There are several components that help with the breaking down of food in the structure of the mouth and jaw. The Tempromandibular Joint (TMJ) is the small cartilage disc that connects the lower jaw to the skull and acts as a sliding hinge when the mouth opens and closes. The TMJ is located in front of the ear and its purpose is to allow the lower jaw (mandible) to move with ease.

Temporomandibular joint dysfunction (TMD) is the failure of the joint and mastication muscles responsible for moving the jaw to function correctly. There is a significant amount of pain associated with this dysfunction.

The causes of TMD are varied, and for some may be the result of multiple causes. Some of the most common are:

  • Teeth grinding or clenching.
  • Stress (this causes tension in the face and jaw muscles)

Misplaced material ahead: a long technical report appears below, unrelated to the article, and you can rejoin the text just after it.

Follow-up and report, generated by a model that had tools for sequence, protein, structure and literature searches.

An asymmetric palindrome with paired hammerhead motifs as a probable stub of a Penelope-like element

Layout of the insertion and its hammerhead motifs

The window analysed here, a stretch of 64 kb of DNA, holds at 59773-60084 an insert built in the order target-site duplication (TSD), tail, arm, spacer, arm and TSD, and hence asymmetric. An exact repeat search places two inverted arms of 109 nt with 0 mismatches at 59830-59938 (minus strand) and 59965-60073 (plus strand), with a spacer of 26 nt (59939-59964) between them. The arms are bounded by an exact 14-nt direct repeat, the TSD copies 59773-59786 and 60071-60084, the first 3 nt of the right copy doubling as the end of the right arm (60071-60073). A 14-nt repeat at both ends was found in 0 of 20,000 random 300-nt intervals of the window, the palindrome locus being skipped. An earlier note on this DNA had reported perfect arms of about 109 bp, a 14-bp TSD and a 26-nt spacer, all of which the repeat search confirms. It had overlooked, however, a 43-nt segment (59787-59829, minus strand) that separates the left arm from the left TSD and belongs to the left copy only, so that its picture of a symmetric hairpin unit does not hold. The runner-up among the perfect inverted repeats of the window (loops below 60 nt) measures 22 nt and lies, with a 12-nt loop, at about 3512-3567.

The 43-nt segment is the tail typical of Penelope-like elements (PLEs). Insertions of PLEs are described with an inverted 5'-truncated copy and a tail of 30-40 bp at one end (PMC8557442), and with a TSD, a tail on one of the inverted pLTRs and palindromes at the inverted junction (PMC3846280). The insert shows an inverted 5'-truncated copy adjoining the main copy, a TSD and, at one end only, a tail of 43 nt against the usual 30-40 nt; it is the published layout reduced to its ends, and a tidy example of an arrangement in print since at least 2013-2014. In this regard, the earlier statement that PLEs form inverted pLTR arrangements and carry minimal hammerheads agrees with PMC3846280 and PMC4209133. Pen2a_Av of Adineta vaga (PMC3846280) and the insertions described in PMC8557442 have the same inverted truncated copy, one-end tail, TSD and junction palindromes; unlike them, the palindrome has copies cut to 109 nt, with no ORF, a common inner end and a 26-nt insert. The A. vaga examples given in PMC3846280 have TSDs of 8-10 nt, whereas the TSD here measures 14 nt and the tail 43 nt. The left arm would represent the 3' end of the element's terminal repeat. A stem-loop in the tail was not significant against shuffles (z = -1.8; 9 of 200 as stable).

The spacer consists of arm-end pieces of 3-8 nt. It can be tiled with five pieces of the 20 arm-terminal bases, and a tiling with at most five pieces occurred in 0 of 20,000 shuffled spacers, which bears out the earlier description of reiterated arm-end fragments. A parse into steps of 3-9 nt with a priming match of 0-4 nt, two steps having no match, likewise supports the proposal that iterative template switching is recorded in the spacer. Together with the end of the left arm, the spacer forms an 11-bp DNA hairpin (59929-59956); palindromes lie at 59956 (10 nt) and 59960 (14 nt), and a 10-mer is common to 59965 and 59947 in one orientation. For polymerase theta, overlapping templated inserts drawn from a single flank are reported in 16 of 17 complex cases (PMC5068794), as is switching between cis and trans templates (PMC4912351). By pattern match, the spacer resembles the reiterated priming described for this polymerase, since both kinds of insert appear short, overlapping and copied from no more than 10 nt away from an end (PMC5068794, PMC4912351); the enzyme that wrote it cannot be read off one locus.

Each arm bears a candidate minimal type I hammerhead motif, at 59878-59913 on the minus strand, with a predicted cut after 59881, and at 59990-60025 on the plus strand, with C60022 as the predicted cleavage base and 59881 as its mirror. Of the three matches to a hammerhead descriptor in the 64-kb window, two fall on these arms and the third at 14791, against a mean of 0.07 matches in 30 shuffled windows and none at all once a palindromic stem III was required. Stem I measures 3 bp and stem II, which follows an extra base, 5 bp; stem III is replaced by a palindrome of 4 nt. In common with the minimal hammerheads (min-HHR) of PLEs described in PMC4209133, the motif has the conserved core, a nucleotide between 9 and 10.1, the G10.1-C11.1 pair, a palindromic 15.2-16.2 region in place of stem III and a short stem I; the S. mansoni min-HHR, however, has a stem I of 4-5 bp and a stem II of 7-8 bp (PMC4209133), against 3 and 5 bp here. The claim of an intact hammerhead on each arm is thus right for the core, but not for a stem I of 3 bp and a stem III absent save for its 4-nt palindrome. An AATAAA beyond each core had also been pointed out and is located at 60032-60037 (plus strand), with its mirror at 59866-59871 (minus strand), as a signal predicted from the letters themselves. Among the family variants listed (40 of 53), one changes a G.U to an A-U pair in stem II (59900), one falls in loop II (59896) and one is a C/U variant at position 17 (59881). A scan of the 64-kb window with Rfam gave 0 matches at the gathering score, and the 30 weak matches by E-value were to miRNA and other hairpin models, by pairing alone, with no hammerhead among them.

• Trauma
  • Improper bite
  • Excessive gum chewing
  • Arthritis

People suffering from TMD may experience pain or tenderness in the ear, face, and jaw area (which can be worse upon waking), locking or clicking jaws, difficulty chewing, face swelling, and headaches.

A qualified dentist will examine and evaluate the possible causes and may include an X-ray or MRI of the jaw. Treatment for TMD depends on the cause but usually includes resting the muscles and the use of heat, massages, and reducing strenuous movements in the area.